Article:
The shift in funds and expansion of operations mean Ireland had the eighth largest international banking sector in the EU by the end of 2020, up from ninth a year earlier
The Irish balance sheets of large systemically important banks with international operations run from Ireland have grown by as much as €200bn ($228.03bn) since the UK voted to leave the EU six years ago, a new study has found.
The transfers put Ireland in only second place behind Germany when it comes to the value of assets that were moved from UK to EU banks after Brexit.
The shift in funds and expansion of operations mean Ireland had the eighth largest international banking sector in the EU by the end of 2020, up from ninth a year earlier.
The expansion of these operations since Brexit has brought to €517bn ($589.45bn) the total amount on the Irish balance sheets of international banks that are supervised by the European regulatory authorities.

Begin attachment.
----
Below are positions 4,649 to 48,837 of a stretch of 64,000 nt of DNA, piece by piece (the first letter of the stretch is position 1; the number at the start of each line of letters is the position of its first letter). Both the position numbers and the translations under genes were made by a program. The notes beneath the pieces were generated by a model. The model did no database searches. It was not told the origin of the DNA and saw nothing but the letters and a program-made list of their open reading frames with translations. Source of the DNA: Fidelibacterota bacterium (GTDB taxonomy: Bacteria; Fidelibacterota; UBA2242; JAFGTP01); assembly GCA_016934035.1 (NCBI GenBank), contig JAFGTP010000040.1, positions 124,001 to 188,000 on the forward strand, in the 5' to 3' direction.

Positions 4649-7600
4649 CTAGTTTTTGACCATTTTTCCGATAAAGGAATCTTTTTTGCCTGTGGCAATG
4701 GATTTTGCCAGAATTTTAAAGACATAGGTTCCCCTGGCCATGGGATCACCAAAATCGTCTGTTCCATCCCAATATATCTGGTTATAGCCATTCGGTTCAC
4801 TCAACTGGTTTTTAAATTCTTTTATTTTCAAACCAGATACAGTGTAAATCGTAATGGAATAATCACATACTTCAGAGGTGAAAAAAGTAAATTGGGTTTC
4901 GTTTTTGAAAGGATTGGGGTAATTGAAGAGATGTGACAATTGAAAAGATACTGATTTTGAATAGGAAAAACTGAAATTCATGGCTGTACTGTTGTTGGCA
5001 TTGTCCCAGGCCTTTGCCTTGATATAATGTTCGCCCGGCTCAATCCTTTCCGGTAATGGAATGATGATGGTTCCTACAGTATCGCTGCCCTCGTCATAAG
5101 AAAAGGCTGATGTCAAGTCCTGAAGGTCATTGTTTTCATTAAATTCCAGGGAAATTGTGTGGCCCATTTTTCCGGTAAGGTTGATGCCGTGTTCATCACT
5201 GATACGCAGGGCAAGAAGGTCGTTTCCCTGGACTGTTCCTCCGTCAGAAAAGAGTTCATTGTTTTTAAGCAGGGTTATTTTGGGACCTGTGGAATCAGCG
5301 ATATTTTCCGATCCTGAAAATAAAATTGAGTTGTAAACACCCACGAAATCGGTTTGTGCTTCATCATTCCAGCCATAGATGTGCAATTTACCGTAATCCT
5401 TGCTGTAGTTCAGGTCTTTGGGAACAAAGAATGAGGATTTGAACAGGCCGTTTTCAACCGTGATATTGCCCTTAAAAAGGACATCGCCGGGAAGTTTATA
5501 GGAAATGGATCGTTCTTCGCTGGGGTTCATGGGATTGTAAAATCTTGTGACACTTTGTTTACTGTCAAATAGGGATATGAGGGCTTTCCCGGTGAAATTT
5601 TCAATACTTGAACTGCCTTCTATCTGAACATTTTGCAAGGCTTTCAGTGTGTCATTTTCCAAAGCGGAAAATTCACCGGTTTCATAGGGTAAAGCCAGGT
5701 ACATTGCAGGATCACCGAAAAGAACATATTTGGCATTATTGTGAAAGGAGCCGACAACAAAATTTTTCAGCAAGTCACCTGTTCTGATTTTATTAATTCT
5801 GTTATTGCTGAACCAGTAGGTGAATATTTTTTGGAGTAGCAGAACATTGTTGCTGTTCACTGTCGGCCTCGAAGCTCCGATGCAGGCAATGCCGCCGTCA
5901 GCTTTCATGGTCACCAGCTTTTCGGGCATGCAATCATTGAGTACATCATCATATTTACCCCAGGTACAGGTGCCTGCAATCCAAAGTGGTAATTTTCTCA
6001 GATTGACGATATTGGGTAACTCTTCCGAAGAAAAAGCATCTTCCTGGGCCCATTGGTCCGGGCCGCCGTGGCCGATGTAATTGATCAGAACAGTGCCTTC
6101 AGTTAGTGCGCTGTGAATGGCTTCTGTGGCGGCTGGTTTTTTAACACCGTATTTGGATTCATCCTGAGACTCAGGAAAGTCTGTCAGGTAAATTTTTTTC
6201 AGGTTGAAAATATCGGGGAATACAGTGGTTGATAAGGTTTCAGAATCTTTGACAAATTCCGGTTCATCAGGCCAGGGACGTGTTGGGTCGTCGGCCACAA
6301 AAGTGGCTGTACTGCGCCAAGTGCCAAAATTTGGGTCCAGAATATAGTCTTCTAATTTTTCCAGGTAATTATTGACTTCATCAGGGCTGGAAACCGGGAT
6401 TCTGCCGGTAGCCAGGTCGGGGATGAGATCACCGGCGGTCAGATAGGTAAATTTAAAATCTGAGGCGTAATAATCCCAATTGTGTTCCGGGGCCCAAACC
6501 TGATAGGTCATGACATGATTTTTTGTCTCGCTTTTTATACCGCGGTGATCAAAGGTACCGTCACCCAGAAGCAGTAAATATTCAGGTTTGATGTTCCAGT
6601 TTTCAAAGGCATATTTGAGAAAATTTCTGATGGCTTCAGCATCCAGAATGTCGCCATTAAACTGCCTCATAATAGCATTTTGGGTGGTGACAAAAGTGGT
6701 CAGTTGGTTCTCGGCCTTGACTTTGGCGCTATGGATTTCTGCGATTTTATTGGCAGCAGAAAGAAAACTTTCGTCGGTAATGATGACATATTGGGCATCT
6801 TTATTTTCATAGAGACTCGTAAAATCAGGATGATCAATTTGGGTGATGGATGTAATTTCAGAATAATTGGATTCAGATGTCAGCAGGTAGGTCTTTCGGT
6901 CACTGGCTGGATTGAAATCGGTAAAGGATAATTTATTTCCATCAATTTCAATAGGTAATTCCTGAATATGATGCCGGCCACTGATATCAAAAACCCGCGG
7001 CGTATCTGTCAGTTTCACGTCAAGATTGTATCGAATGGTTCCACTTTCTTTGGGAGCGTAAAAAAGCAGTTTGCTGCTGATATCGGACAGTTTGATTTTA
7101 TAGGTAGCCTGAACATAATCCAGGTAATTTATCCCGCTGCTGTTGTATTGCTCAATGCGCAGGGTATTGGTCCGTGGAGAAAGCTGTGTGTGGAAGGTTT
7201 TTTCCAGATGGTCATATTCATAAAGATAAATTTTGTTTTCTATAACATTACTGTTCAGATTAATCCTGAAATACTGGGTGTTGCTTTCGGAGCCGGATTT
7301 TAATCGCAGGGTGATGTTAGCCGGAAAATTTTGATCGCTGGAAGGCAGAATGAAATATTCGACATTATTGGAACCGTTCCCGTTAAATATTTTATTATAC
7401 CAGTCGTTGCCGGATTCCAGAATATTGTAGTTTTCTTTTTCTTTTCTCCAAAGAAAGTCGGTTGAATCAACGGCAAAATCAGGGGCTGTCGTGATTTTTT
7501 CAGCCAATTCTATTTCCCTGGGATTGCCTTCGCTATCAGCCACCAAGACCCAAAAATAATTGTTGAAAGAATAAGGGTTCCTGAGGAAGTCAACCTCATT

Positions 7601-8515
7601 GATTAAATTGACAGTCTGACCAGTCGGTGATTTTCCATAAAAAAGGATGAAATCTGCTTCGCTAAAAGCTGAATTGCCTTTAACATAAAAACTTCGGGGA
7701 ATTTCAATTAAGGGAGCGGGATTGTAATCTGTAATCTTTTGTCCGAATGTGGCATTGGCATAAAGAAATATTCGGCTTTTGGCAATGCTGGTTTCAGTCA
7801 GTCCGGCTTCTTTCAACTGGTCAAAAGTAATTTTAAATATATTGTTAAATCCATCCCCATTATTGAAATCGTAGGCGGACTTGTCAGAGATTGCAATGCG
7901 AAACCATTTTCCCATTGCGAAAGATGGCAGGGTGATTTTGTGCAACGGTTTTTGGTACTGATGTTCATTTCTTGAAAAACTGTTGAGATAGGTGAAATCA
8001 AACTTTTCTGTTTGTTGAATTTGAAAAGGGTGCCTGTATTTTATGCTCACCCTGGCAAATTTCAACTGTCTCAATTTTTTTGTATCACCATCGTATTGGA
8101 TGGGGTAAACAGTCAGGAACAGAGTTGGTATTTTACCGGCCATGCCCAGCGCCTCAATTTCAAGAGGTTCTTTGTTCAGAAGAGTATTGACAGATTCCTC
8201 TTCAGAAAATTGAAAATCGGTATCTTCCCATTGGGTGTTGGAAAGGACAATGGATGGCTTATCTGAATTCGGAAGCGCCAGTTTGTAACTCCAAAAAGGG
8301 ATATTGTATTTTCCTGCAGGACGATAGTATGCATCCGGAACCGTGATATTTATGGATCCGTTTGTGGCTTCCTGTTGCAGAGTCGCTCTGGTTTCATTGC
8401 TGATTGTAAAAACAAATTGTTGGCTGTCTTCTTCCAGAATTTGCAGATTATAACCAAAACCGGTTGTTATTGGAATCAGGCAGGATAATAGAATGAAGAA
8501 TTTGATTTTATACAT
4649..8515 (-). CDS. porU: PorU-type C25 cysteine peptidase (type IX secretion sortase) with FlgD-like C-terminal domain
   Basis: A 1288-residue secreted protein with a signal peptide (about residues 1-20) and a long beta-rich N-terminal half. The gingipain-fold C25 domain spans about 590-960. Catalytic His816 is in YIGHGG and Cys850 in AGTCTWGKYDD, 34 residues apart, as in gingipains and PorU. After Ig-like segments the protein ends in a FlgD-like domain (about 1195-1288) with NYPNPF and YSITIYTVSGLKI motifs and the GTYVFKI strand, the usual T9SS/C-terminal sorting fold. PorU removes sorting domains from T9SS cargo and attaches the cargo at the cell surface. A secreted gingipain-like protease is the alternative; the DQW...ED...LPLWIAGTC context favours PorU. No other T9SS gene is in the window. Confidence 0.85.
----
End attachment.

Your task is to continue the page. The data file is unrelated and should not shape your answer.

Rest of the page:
While Ireland’s international financial services sector has steadily grown over the decades, the UK’s exit from the EU has accelerated this trend, with Ireland now one of the key EU hubs for international banking and capital markets activity, said Fiona Gallagher, chair of the Federation of International Banks in Ireland (FIBI) and CEO of Wells Fargo Bank International.
Many UK and global banking groups built-up or established new Irish entities to service EU clients post-Brexit, she said.
This has seen an influx of new staff, assets, risk management capabilities and investment services activities in Ireland, she said.
Ms Gallagher also pointed out that in many of the lenders, EU branch networks have also been revised.
This has resulted in the transfer of EU branches of UK entities to new EU entities in Ireland.
International banking operations in Ireland are now acting as a key bridge to servicing the EU market, directly and through its vast EU branch networks, she said.
The research also suggests that another driving factor behind the growth of the international banks sector in Ireland has been major growth of systemically important institutions that use their bases in Ireland to service the global and EU market.
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